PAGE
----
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IFUP-TH/2006-41

Non invariant zeta-function regularization in quantum Liouville theory

1

arXiv:hep-th/0612270v1 26 Dec 2006

Pietro Menotti

Dipartimento di Fisica dell’Universit`, Pisa 56100, Italy and a INFN, Sezione di Pisa e-mail: menotti@df.unipi.it

Abstract We consider two possible zeta-function regularization schemes of quantum Liouville theory. One refers to the Laplace-Beltrami operator covariant under conformal transformations, the other to the naive non invariant operator. The ?rst produces an invariant regularization which however does not give rise to a theory invariant under the full conformal group. The other is equivalent to the regularization proposed by Zamolodchikov and Zamolodchikov and gives rise to a theory invariant under the full conformal group.

1

Work supported in part by M.I.U.R.

Quantum Liouville theory has been the subject of intense study following di?erent lines of attack. While the bootstrap [1, 2, 3, 4, 5] starts from the requirement of obtaining a theory invariant under the full in?nite dimensional conformal group, the more conventional ?eld theory techniques like the hamiltonian and the functional approaches depend in a critical way on the regularization scheme adopted. In the hamiltonian treatment [6] for the theory compacti?ed on a circle the normal ordering regularization gives rise to a theory invariant under the full in?nite dimensional conformal group. It came somewhat of a surprise that in the functional approach the regularization which realizes the full conformal invariance is the non invariant regularization introduced by Zamolodchikov and Zamolodchikov (ZZ) [4]. In [7] it was shown that such a regularization provides the correct quantum dimensions to the vertex functions on the sphere at least to two loops while in [8] it was shown that such a result holds true to all order perturbation theory on the pseudosphere. Here we consider the approach in which the determinant of a non covariant operator is computed in the framework of the zeta function regularization and show that this procedure is equivalent to the non invariant regularization of the Green function at coincident points proposed by ZZ [4], and extensively used in [7, 8, 9, 10]. For de?niteness we shall refer to the case of sphere topology. The complete action is given by SL [?B , χ] = Scl [?B ] + Sq [?B , χ] where [7] Scl [?B ] = lim

N

εn →0

R→∞

1 1 b2 8π

Γ

1 (?a ?B )2 + 8π?b2 e?B 2 + 1 4πi

d2 z z dz d? ? z z ?

(1)

?

n=1

ηn

1 4πi

?B (

?Γn

dz d? z 2 ? ) + ηn log ε2 n z ? zn z ? zn ? ?

?B

?ΓR

+ log R2

and Sq [?B , χ] =

εn →0

lim

R→∞

1 4π

(?a χ)2 + 4π?e?B (e2bχ ? 1 ? 2bχ) d2 z

Γ

+ (2 + b2 ) log R2 +

1 4πi

?B

?ΓR

z dz d? ? z z ?

+

b 2πi

χ

?ΓR

z dz d? ? z z ?

( . 2)

In eq.(2) Γ is a disk of radius R from which disks of radius εn around the singularities have been removed. We recall that Scl is O(1/b2 ) while the ?rst integral appearing in the quantum action (2) can be expanded as 1 4π (?a χ)2 + 8π?b2 e?B χ2 + 8π?b2 e?B (

Γ

4bχ3 8b2 χ4 + + ... 3! 4!

d2 z.

(3)

The quantum n-point function is given by Vα1 (z1 )Vα2 (z2 ) . . . Vαn (zn ) = e?Scl [?B ] 1 D[χ] e?Sq (4)

where the ?B appearing in the classical and quantum actions is the solution of the classical Liouville equation in presence of n sources

n

? ??B + 8π?b e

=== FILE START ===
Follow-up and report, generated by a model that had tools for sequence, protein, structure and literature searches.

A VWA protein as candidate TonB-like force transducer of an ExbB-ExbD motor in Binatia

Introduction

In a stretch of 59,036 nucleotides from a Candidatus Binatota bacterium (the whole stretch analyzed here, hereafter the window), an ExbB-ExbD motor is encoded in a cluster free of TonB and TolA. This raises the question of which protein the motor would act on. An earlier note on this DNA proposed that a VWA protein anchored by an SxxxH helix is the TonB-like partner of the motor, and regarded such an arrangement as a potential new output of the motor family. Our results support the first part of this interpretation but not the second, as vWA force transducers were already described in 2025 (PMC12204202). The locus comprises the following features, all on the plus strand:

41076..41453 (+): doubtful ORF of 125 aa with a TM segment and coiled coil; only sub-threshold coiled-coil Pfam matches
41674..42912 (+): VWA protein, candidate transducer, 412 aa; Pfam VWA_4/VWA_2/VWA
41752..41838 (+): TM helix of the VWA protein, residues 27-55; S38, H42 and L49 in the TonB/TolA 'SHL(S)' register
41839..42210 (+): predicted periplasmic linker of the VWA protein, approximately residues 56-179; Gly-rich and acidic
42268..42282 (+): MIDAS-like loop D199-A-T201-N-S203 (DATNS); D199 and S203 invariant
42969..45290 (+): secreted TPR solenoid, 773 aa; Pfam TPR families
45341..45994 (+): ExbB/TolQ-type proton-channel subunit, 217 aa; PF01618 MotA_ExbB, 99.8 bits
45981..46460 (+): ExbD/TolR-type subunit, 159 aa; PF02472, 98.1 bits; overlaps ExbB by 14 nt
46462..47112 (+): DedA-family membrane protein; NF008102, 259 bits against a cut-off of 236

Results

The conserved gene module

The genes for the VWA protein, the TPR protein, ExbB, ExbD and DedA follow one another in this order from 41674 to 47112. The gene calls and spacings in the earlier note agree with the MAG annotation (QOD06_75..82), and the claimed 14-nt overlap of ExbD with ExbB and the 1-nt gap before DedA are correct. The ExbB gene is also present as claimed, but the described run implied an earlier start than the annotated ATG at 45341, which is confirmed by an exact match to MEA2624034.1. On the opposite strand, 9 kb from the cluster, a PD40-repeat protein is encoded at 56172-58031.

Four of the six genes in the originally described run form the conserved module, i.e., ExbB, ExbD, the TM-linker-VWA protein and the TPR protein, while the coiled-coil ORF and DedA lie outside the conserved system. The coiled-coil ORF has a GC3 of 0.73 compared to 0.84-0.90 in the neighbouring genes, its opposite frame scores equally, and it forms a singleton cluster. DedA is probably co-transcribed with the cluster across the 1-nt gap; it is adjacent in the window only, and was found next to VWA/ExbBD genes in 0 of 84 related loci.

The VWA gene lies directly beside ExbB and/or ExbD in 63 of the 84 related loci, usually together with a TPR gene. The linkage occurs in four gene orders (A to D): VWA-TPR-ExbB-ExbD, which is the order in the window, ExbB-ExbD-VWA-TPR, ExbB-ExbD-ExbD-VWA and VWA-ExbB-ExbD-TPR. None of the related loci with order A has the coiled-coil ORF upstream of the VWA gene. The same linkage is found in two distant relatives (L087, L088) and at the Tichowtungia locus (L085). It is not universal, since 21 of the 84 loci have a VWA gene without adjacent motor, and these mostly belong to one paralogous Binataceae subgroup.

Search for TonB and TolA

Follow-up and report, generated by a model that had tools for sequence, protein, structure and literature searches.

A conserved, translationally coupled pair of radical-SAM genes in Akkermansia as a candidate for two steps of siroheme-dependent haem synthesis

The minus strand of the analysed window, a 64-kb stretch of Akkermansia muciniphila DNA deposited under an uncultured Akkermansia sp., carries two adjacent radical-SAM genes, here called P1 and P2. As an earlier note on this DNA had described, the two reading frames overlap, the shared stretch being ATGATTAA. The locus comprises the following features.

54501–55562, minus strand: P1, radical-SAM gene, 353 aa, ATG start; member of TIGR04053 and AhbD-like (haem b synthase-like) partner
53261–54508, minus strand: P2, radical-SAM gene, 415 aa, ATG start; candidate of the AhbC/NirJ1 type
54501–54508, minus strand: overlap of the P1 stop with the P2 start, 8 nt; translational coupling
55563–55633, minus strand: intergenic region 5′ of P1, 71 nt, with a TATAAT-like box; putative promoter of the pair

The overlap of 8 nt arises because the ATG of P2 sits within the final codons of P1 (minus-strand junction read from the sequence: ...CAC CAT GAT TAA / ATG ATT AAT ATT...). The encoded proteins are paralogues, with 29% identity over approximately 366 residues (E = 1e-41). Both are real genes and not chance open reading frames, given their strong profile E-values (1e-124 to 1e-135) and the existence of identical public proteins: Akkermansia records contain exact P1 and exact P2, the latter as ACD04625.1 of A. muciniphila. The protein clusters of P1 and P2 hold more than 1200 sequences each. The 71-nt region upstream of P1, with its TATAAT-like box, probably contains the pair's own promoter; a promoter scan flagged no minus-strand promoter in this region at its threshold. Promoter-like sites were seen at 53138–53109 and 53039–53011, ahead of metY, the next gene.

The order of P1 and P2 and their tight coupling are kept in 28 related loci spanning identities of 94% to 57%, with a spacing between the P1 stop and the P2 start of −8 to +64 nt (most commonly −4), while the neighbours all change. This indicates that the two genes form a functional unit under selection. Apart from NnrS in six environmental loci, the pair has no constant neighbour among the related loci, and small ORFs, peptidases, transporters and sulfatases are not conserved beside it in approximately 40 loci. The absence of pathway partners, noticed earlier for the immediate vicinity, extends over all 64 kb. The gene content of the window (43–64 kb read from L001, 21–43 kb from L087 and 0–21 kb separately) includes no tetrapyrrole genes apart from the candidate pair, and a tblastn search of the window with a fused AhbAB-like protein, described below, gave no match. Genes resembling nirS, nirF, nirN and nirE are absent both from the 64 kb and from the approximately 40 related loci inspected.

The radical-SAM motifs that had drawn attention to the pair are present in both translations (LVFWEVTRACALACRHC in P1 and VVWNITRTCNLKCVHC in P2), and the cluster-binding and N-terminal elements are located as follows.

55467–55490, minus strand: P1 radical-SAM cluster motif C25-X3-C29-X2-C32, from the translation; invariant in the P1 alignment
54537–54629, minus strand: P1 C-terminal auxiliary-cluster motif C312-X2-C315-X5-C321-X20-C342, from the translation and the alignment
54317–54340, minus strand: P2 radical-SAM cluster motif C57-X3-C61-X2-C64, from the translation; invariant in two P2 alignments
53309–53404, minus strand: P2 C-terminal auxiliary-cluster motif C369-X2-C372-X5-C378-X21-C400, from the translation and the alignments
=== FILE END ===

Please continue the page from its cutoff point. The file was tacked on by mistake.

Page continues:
2 ?B (z)

= 8π

i=1

ηi δ 2 (z ? zi )

(5)

where ηi = bαi and the vertex functions are given by Vα (z) = e2αφ(z) = eη?(z)/b ;

2

? = 2bφ = ?B + 2bχ.

(6)

We recall that the action (1) ascribes to the vertex function Vα (z) the semiclassical dimension ?sc (α) = α(1/b ? α) [11]. In performing the perturbative expansion in b we have to keep η1 , . . . ηn constant [3]. The one loop contribution to the n-point function is given by K? 2 = where

1

D[χ] e? 2

1

R

χ(z)Dχ(z)d2 z

(7)

2 1 D = ? ?z ?z + 4?b2 e?B ≡ ? ? + m2 e?B . (8) ? π 2π The usual invariant zeta-function technique [12] for the computation of the functional determinant K consists in writing χ(z)Dχ(z) d2 z = χ(z) ? 1 ?LB + m2 χ(z) dρ(z) 2π (9)

being dρ(z) = e?B (z) d2 z the conformal invariant measure and ?LB = e??B ? (10)

the covariant Laplace-Beltrami operator on the background ?B (z) generated by the n

1 charges. The determinant of the elliptic operator ? 2π ?LB + m2 is de?ned through the

zeta function ζ(s) =

∞

λ?s i

i=1

(11)

being λi the eigenvalues of the operator H H?i = λi ?i where H=? 1 ?LB + m2 . 2π (12)

For an elliptic operator the sum (11) converges for Re s su?ciently large and positive and the determinant is de?ned by analytic continuation as ? log(DetH) = ζ ′(0). 2 (13)

Such a value is usually computed by the heat kernel technique [13, 14], which we shall also employ in the following. The great advantage of the zeta-function regularization is to provide an invariant regularization scheme as the eigenvalues λi are invariant under conformal transformations (SL(2C) for the sphere, U(1, 1) for the pseudosphere).

1 Associated to the operator H = ? 2π ?LB + m2 we can consider the Green function

HG(z, z ′ ) = δ 2 (z ? z ′ )e??B (z ) ≡ δI (z, z ′ ) where δI (z, z ′ ) is the invariant delta function.

′

(14)

Alternatively one can consider the elliptic operator D de?ned in (8) and its determinant generated by the zeta function ζD (s) =

i=1 ∞

??s i

(15)

being ?i the eigenvalues Dψi = (? and thus

′ ? log(Det D) = ζD (0).

1 ? + m2 e?B (z) )ψi (z) = ?i ψi (z) 2π

(16)

(17)

The Green function for the operator D is de?ned by Dg(z, z ′ ) = δ(z ? z ′ ) (18)

and multiplying by e??B (z) we see that G(z, z ′ ) = g(z, z ′ ). The determinant (17), being D non covariant is not an invariant under conformal transformations. By using the spectral representation we can also write G(z, z ′ ) =

i

?i (z)?i (z ′ ) λi ψi (z)ψi (z ′ ) ?i

(19)

g(z, z ′ ) =

i

(20)

where the ?i (z) and ψi (z) are normalized by |?i (z)|2 dρ(z) = 1; and |ψi (z)|2 d2 z = 1 (21)

being dρ(z) the invariant measure e?B (z)d2 z. We shall exploit in both cases the heat kernel technique. We have ζ(s) = 1 Γ(s)

∞

dt ts?1 Tr(e?tH )

0

(22)

3

and ζD (s) =

1 Γ(s)

∞